A class action lawsuit is one where many people who have been harmed by the same party in the same way file a compensation claim together as a group.
Class actions can be filed by victims of discrimination, false advertising, environmental disasters, invasion of privacy, and a number of other forms of negligence, but usually are filed against manufacturers of dangerous products for injuries their products caused.
Is Any Lawsuit Over a Product that Harmed Multiple People a Class Action Lawsuit?
No. Even if a defective or dangerous product has harmed many people, that does not automatically make a lawsuit against the manufacturer a class action lawsuit.
The lawsuit can’t become a class action until a judge decides the lawsuit should be treated as a class action. Cases that are expected to be given class action status but haven’t yet may be referred to as putative class actions.
Lawsuits against manufacturers for dangerous products usually start out being filing by just one person rather than everyone harmed filing together. This is because individual victims may not be aware of each other. Once a lawsuit is given class action status, the lawyer in charge may start reaching out to other victims to see if they’d like to join the lawsuit.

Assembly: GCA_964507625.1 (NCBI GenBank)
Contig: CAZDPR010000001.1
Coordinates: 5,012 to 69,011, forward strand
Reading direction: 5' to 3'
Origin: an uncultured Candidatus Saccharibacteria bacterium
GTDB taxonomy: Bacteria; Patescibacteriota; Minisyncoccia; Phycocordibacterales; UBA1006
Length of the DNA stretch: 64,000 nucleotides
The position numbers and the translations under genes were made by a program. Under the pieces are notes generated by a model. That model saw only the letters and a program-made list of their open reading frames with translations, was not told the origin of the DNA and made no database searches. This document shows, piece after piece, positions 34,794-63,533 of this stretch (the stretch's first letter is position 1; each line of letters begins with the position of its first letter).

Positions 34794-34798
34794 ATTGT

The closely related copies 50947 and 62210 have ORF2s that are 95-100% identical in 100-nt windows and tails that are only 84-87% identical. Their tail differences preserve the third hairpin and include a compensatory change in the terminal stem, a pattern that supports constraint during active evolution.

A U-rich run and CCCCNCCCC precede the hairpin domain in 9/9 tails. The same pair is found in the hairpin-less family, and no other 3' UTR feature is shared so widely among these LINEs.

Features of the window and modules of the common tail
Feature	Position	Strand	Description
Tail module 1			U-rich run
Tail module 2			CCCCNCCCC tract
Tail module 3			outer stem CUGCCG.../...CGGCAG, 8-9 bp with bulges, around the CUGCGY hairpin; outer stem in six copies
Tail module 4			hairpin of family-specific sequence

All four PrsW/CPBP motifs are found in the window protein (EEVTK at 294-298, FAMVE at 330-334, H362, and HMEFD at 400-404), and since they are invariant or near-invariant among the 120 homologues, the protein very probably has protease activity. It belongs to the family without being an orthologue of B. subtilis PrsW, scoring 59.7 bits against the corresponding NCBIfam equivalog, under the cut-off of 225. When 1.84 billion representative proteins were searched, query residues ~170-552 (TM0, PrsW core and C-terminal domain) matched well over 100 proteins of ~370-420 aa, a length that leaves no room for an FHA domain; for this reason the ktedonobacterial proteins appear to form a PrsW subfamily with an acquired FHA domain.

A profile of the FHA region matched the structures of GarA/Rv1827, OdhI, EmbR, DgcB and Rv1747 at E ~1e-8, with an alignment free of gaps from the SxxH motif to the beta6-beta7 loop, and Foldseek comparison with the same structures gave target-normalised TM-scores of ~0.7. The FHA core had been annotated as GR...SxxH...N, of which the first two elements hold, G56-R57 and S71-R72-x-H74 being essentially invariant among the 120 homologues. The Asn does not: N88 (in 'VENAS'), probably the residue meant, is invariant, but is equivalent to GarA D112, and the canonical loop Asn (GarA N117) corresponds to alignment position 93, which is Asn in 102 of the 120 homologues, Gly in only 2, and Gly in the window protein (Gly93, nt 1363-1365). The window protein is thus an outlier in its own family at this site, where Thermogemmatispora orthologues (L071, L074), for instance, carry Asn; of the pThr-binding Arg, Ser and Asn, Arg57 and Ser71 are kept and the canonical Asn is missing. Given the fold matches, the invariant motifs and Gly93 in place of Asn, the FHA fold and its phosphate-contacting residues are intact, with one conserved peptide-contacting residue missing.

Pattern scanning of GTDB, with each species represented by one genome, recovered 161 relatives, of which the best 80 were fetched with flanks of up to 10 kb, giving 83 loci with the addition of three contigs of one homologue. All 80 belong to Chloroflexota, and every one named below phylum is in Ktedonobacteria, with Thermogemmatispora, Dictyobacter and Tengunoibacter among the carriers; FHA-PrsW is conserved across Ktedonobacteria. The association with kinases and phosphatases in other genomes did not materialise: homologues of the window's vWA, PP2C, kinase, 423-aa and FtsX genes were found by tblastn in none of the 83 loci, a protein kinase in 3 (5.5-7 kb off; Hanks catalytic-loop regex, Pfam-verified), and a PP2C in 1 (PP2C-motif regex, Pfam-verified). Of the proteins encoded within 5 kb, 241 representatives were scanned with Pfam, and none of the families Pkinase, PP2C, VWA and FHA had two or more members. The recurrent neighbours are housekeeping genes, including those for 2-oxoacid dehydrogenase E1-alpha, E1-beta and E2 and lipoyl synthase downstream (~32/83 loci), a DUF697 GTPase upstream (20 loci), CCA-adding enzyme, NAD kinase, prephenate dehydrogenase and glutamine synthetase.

How Many People Does It Take to File a Class Action Lawsuit?
It only takes one person to file a class action lawsuit. In fact, in a class action lawsuit, only one person is actually filing the lawsuit – this is the lead plaintiff. However, hundreds or even thousands of other people can be listed as “class members.”
One of the requirements of a lawsuit becoming a class action is that the judge decides there is a large enough number of people who have also been harmed by the same product that it would be impractical and inefficient to try all their cases as separate lawsuits.
What is the Difference Between a Lead Plaintiff and a Class Member?
The lead plaintiff is the one who originally filed the lawsuit and who is named in the lawsuit. The lead plaintiff is bringing the case on behalf of all the class members.
Rather than the judge looking at everyone’s cases, they only look at the lead plaintiff. All the class members receive the same verdict as the lead plaintiff, and all class members share in the settlement with the lead plaintiff (this differs from mass torts, where each member is still tried and awarded individually).
For this reason, the lead plaintiff must be the best representative of the “class” of people injured, meaning the details of how the lead plaintiff was injured by the product and what their injuries are must be so similar to the other people in the lawsuit that reviewing one case is essentially reviewing them all.
Following this logic, other requirements of a lawsuit becoming a class action are that all class members’ injuries should have enough in common to be grouped together, and that the “class” should be clearly defined enough that it is easily determined who does and does not qualify as a member.
Am I Eligible for a Class Action Lawsuit?
If you or someone you love has been harmed by a defective or dangerous consumer product or medication, you may be eligible for compensation. Whether this is through a class action lawsuit, a mass tort action, or a personal injury claim depends on your injury.